Although he acknowledges the influence of Michel Foucault, David Harvey's The Condition of Post Modernity (1989), Fredric Jameson's Postmodernism or the Cultural Logic of Late Capitalism (1991) and Gilles Deleuze & Felix Guattari's Capitalism and Schizophrenia (in two volumes, Anti-oedipus and A thousand plateaux, Negri is on the whole extremely dismissive of postmodernism, whose only value, in his estimation, is that it has served as a symptom of the historical transition whose dynamics he and Hardt set out to explain in Empire.


Bibliography/Webography

  1. Multitudes (http://multitudes.samizdat.net)
  2. Empire (http://www.infoshop.org/texts/empire.pdf)
  3. Negri and Hardt, Empire and other writings (http://usuarios.lycos.es/pete_baumann/toninegri.html) (Spanish, Portuguese, Italian)
  4. Toni Negri, Multitudes contributions (http://multitudes.samizdat.net/auteur.php3?id_auteur=13)
  5. Maurizio Lazzarato and Toni Negri, Travail immatriel et subjectivit (http://multitudes.samizdat.net/article.php3?id_article=474)
  6. Marx's Mole is Dead (http://www.eurozine.com/article/2002-02-13-hardtnegri-en.html) (Hardt)
  7. Marx Beyond Marx: Lessons on the Grundrisse (http://www.eco.utexas.edu/facstaff/Cleaver/tanegrimbm1.pdf) (Spanish translation) (2 (http://www.eco.utexas.edu/facstaff/Cleaver/mbm2es.pdf) | 3 (http://www.eco.utexas.edu/facstaff/Cleaver/mbm3es.pdf) | 4 (http://www.eco.utexas.edu/facstaff/Cleaver/mbm4es.pdf) | 5 (http://www.eco.utexas.edu/facstaff/Cleaver/mbm5es.pdf) | 6 (http://www.eco.utexas.edu/facstaff/Cleaver/mbm6es.pdf) | 7 (http://www.eco.utexas.edu/facstaff/Cleaver/mbm7es.pdf) | 8 (http://www.eco.utexas.edu/facstaff/Cleaver/mbm8es.pdf) | 9 (http://www.eco.utexas.edu/facstaff/Cleaver/mbm9es.pdf) )
  8. The Savage Anomaly (http://www.upress.umn.edu/Books/N/negri_savage.html) (precis)
  9. The Labor of Dionysus (http://www.upress.umn.edu/Books/H/hardt_labor.html) (precis)
  10. Insurgencies (http://www.upress.umn.edu/Books/N/negri_insurgencies.html) (precis)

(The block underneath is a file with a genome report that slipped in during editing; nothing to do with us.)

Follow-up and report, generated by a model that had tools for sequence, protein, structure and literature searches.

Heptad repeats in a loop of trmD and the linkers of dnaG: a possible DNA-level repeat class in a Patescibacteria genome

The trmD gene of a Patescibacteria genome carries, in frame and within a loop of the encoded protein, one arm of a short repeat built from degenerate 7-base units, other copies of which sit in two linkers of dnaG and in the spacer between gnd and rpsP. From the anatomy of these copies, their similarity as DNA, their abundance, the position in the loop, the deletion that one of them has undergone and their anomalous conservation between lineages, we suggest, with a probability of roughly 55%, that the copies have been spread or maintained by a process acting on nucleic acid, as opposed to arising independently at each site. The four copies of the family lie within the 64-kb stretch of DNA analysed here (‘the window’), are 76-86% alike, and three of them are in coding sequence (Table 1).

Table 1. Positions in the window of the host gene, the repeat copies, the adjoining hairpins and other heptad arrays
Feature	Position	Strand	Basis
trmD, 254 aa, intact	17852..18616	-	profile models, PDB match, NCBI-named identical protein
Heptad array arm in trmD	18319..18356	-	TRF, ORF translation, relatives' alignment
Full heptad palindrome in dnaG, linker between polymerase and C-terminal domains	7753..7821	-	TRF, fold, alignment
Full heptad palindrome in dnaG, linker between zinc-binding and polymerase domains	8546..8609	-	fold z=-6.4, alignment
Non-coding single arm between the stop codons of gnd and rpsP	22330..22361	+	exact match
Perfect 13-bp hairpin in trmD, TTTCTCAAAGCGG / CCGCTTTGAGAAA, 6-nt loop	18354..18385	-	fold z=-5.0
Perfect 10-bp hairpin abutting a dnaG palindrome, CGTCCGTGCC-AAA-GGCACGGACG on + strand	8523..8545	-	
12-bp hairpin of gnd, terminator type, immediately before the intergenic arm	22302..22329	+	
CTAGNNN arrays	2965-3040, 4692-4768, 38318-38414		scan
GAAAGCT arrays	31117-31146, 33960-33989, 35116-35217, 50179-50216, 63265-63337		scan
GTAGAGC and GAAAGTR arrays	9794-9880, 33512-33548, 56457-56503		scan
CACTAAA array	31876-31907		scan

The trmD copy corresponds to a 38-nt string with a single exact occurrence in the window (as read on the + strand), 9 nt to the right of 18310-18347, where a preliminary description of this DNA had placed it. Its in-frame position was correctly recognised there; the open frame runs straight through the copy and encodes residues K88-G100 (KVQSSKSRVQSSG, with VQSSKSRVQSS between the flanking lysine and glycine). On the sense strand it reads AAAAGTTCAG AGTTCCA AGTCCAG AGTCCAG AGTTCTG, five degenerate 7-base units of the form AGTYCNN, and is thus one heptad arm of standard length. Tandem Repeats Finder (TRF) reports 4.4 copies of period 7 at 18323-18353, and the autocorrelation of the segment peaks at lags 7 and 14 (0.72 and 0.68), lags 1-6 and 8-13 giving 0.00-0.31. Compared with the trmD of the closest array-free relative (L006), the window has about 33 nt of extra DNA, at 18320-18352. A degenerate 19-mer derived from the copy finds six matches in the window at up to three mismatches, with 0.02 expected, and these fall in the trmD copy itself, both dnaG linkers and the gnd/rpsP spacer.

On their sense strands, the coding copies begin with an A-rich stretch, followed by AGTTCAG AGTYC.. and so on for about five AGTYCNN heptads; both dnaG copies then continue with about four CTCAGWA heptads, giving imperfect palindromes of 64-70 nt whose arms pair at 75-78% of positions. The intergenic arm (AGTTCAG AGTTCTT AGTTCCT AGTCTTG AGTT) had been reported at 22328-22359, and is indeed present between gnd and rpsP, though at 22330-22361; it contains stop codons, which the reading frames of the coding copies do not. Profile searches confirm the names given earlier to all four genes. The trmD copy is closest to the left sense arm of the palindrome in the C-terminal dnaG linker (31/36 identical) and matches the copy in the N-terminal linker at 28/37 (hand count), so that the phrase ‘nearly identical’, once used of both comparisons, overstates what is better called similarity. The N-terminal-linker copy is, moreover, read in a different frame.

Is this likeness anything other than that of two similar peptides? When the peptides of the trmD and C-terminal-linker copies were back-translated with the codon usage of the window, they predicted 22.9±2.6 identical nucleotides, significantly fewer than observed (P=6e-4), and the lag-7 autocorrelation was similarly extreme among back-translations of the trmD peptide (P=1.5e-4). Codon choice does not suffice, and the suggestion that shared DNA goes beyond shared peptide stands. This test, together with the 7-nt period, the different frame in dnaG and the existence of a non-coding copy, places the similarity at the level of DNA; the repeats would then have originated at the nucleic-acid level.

11. Negri Links (http://lists.village.virginia.edu/~forks/TNlinks.htm) (U. Virginia)
  12. Italy One Year After Genoa (http://www.eurozine.com/article/2002-09-04-negri-de.html)
  13. And Thus Began the Fall of Empire (http://www.eurozine.com/article/2002-02-21-negri-fr.html)
  14. Negri&Hardt, The Informatization of Production (http://www.marxists.org/reference/subject/philosophy/works/it/negri.htm) (2000)
  15. Archives Futur Antrieur (http://multitudes.samizdat.net/rubrique.php3?id_rubrique=117)
  16. Negri Links (http://lists.village.virginia.edu/~forks/TNlinks.htm) (U. Virginia)
  17. Philosophy's Hostage (http://www.oneworld.org/index_oc/news/italy241197.html) (Michael Hardt)
  18. MULTITUDE, war and democracy in the age of empire (http://usuarios.lycos.es/pete_baumann/autonomial.html) (Antonio Negri & Michael Hardt)

Critical Sources

  1. Cleaver, Harry Reading Capital Politically (http://www.eco.utexas.edu/facstaff/Cleaver/357krcp.html)
  2. Texas Archives of Autonomist Marxism (http://www.eco.utexas.edu/facstaff/Cleaver/taalphacomplete.html)
  3. Witheford, Nick Autonomist Marxism and the Information Society (http://www.endpage.com/Archives/Subversive_Texts/Dyer_Witheford/Autonomist_Marxism_and_Information_Soc.htm)
  4. The Empire Does Not Exist (http://www.marxist.com/Theory/review_toni_negri_empire.html)
  5. Wright, The Limits of Negri's Class Analysis (http://lists.village.virginia.edu/~spoons/aut_html/opsoc.html)
  6. Marxists.org (http://www.marxists.org/reference/subject/philosophy/front_pg.htm) (library of readings)

Biographical Sources

  1. Eurozine brief biography (http://www.eurozine.com/biography/negri.html)
  2. The Negri prosecution (http://lists.village.virginia.edu/~forks/TNmain.htm)
  3. Documents on Negri prosecution (http://lists.village.virginia.edu/~forks/TNdocuments.htm) 1979
  4. Chronology of Negri arrest (http://lists.village.virginia.edu/~forks/TNChronology.htm)
  5. Italy: Behind the Ski Mask (http://www.nybooks.com/articles/7727), New York Review of Books (Volume 26, Number 13 August 16, 1979)ca:Antonio Negri

de:Antonio Negri es:Toni Negri fr:Toni Negri ja:アントニオ・ネグリ ko:안토니오 네그리